According to official figures released by the Inter-Arab investment Guarantee Corporation (IAIGC), the global financial distress decreased capital flow into the Arab countries by nearly $10 billion in 2008 to reverse a steady growth over the past few years mainly due to high oil prices.
"From a record $72 billion in 2007, foreign direct investment (FDI) into the region plunged to nearly $62 billion in 2008, showed the figures by the IAIGC. Indeed, the global financial crisis has affected FDI movement worldwide," said a report published by Bank Audi's MENA Weekly Monitor.
FDI flow into the Arab states hit a record high in 2007 because of strong oil prices and reforms carried out by some regional countries. The level in 2007 was nearly $10 billion above the FDI of $62 billion recorded in 2006. IAIGC said several factors contributed to the surge in FDI in 2007, along with strong oil prices and moves by some members to improve investment laws.
This increase in the Arab countries' share of FDI is attributable to both internal and external factors. Internal factors include the fact that regulatory frameworks are becoming more relaxed in several countries of the region, particularly in the area of financial, construction, communication and tourism services. In addition, privatization of the state-owned enterprises and liberalization of most service sectors have also attracted more FDI by trans-national corporations, IAIGC said in its quarterly bulletin.
Another factor is the improved investment climate in several Arab countries, which include eased or improved registration and fiscal procedures for various business start-ups, an increase in the number of one-stop shop for new business, the establishment of new public credit registries and/or private credit bureaus as credit information providers, the reduction of tax and customs duties, implementation of e-government programs, simplification of procedures for the technical inspection of imports and exports and improvement of the quality and the accuracy of economic statistics.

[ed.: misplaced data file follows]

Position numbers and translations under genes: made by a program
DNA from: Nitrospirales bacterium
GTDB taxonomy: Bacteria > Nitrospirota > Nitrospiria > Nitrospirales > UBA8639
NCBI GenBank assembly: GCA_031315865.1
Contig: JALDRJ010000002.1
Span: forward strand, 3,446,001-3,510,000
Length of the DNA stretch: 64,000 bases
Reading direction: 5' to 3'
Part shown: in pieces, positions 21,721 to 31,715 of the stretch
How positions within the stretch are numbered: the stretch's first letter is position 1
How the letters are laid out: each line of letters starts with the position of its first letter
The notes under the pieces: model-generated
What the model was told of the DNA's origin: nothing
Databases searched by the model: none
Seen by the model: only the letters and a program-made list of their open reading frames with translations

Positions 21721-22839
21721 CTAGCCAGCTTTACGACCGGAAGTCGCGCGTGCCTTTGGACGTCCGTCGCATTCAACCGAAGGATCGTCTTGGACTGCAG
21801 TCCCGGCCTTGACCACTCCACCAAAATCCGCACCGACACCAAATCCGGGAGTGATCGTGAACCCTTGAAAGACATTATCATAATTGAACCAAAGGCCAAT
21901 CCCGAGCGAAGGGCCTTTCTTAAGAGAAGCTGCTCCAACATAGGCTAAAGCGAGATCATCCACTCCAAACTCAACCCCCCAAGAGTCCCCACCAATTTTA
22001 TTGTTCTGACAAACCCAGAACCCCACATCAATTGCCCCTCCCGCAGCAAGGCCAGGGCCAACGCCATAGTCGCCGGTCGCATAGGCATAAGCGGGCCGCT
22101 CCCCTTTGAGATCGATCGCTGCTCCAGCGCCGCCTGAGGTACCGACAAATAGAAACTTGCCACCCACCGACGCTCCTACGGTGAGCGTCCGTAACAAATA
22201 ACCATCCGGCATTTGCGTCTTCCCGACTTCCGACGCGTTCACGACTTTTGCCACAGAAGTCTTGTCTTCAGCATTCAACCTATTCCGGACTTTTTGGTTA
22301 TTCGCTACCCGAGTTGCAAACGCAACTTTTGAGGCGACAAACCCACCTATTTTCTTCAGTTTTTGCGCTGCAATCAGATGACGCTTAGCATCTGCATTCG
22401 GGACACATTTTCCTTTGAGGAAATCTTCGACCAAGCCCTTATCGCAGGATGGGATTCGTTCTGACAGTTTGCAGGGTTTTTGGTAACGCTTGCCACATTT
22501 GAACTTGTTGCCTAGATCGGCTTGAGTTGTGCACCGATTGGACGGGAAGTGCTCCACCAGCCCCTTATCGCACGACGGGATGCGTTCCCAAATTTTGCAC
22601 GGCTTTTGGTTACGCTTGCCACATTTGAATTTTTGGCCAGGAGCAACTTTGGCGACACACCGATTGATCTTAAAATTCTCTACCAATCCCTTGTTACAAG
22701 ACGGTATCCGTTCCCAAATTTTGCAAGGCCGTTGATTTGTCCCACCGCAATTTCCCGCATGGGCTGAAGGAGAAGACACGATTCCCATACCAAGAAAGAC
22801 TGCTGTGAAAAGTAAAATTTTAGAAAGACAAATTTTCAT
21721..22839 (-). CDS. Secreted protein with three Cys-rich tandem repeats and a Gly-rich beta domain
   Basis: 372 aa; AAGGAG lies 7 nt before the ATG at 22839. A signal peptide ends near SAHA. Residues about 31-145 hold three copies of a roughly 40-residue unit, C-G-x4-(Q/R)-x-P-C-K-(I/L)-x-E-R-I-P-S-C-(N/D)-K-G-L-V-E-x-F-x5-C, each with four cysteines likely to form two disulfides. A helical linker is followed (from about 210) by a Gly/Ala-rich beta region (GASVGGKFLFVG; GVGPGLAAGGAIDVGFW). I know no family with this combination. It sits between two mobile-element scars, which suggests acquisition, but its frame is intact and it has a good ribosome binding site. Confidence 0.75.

As for 2008, the report attributed the decline to the collapse of oil prices as a result of the oil demand contraction, a sharp slowdown in the economies of industrial nations, the upheaval in most Arab stock markets and lower capital export by Gulf oil producers into other Arab countries.
The turbulence in Arab stock markets has aggravated the state of uncertainty in the region's investment climate, mainly in medium- and long-term investment decisions. This has led to the postponement of a number of projects in the region, especially in the oil, real estate and infrastructure sectors, the bulletin said.
Slackening oil demand has also played a key part in this decline, as it depressed crude oil prices and consequently stifled Gulf exports into other Arab countries. It has also affected the flow of capital into oil and gas projects in the region, since some of them have been shelved.
IAIGC urged the Arab nations to push ahead with reforms to lure investments, saying the existing laws are still not attractive enough to foreign capital.
There are too many obstacles for foreign investment and inter-Arab investment in the region. They include the absence of a unified law to regulate investment in member states and failure of some governments to comply with the agreements they sign with the investors.
The obstacles also involve the disparity and deficiencies in legislation governing business, mainly the labor law and investment protection rules, as well as the absence of an effective judicial system to settle any trade or business issue.